TITLE: Lament of the Aborted 4-1-15
By Lois Lewis
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I’ll never see yellow daffodils popping up in springtime
or make a wish and blow out candles on a birthday cake.
You’ll never hear me giggle at the sloppy kisses on my face
from a round-bellied puppy.
We’ll never hold hands, yours big and mine small,
making sure to look both ways for cars as we cross the street.
I’ll never wake to the sound of a bird singing,
or see a butterfly or a rainbow.
You’ll never fill an Easter basket with jelly beans and a chocolate bunny
or hang a Christmas stocking with my name on it.
We’ll never lie on our backs watching the clouds
and try to make out animal shapes.
I’ll never fly a kite on a windy day, or run home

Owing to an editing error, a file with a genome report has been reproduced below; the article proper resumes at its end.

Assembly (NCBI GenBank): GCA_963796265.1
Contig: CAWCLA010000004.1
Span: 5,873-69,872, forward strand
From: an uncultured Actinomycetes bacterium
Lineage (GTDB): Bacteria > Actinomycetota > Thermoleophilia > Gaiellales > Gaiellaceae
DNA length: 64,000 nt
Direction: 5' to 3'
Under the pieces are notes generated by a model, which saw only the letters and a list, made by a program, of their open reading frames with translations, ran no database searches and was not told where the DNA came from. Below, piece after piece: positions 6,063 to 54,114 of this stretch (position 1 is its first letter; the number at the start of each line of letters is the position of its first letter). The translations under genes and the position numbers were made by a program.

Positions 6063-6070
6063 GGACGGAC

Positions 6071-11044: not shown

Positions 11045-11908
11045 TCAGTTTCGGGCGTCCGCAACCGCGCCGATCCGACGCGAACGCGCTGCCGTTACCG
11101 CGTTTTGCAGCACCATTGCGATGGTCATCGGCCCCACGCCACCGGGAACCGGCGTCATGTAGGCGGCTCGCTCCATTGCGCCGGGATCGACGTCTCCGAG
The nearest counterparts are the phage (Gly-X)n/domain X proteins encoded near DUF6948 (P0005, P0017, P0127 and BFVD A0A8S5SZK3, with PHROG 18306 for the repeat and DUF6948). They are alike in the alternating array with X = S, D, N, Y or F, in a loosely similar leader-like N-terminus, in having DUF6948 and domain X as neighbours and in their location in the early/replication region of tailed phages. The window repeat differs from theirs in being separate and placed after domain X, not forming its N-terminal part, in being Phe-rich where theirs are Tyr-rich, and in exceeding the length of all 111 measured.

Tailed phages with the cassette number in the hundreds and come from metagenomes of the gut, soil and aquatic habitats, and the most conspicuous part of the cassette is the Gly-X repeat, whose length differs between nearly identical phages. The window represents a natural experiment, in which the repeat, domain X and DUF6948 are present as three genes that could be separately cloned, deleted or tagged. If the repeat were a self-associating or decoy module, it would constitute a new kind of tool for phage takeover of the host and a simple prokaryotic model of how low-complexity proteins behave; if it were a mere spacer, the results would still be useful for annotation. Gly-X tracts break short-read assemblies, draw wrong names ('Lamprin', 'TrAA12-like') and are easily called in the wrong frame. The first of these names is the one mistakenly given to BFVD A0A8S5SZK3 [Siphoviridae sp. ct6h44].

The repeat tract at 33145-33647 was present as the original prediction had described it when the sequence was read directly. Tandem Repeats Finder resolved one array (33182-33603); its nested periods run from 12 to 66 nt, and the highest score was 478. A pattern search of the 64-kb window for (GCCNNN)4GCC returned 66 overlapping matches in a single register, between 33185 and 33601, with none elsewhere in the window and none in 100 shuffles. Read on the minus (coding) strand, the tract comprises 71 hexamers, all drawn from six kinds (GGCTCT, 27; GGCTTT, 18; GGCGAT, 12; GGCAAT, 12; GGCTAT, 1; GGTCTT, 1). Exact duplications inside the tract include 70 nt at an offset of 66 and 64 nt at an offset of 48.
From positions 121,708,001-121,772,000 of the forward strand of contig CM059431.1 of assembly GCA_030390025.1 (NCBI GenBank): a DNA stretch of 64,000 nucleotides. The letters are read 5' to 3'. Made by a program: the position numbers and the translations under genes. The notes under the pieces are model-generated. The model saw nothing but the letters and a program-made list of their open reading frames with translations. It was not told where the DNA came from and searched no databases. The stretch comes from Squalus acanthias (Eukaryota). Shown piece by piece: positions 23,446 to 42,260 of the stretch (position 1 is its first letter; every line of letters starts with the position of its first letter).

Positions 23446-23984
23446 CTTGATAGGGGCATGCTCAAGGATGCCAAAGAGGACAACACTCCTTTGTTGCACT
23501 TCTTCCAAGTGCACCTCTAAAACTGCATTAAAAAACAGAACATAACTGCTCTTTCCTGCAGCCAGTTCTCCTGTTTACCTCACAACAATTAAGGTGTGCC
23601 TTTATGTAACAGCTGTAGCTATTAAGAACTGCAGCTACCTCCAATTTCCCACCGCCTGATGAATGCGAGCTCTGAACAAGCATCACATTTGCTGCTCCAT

with a bouquet of wildflowers I picked just for you.
You’ll never show me how to tie my shoes, or help me
color inside the lines, or point out the man-in-the-moon’s face.
We’ll never build a snowman or laugh making snow angels, and after that
drink hot chocolate with marshmallows.
I’ll never learn to say my ABC’s, or write my name or read a book.
You’ll never tell me a bedtime story, or listen to me say my prayers
or hide money under my pillow from the Tooth Fairy.
We’ll never sculpt a sand castle or collect shells along the seashore,
waves tickling our toes.
I’ll never climb in bed with you on a stormy night
afraid of the thunder and lightning.
You’ll never lift me up to see a parade
or push me higher, higher in a swing.
We’ll never blow kisses or give hugs, or say “I love you,”
or dream about what I’ll be when I grow up.
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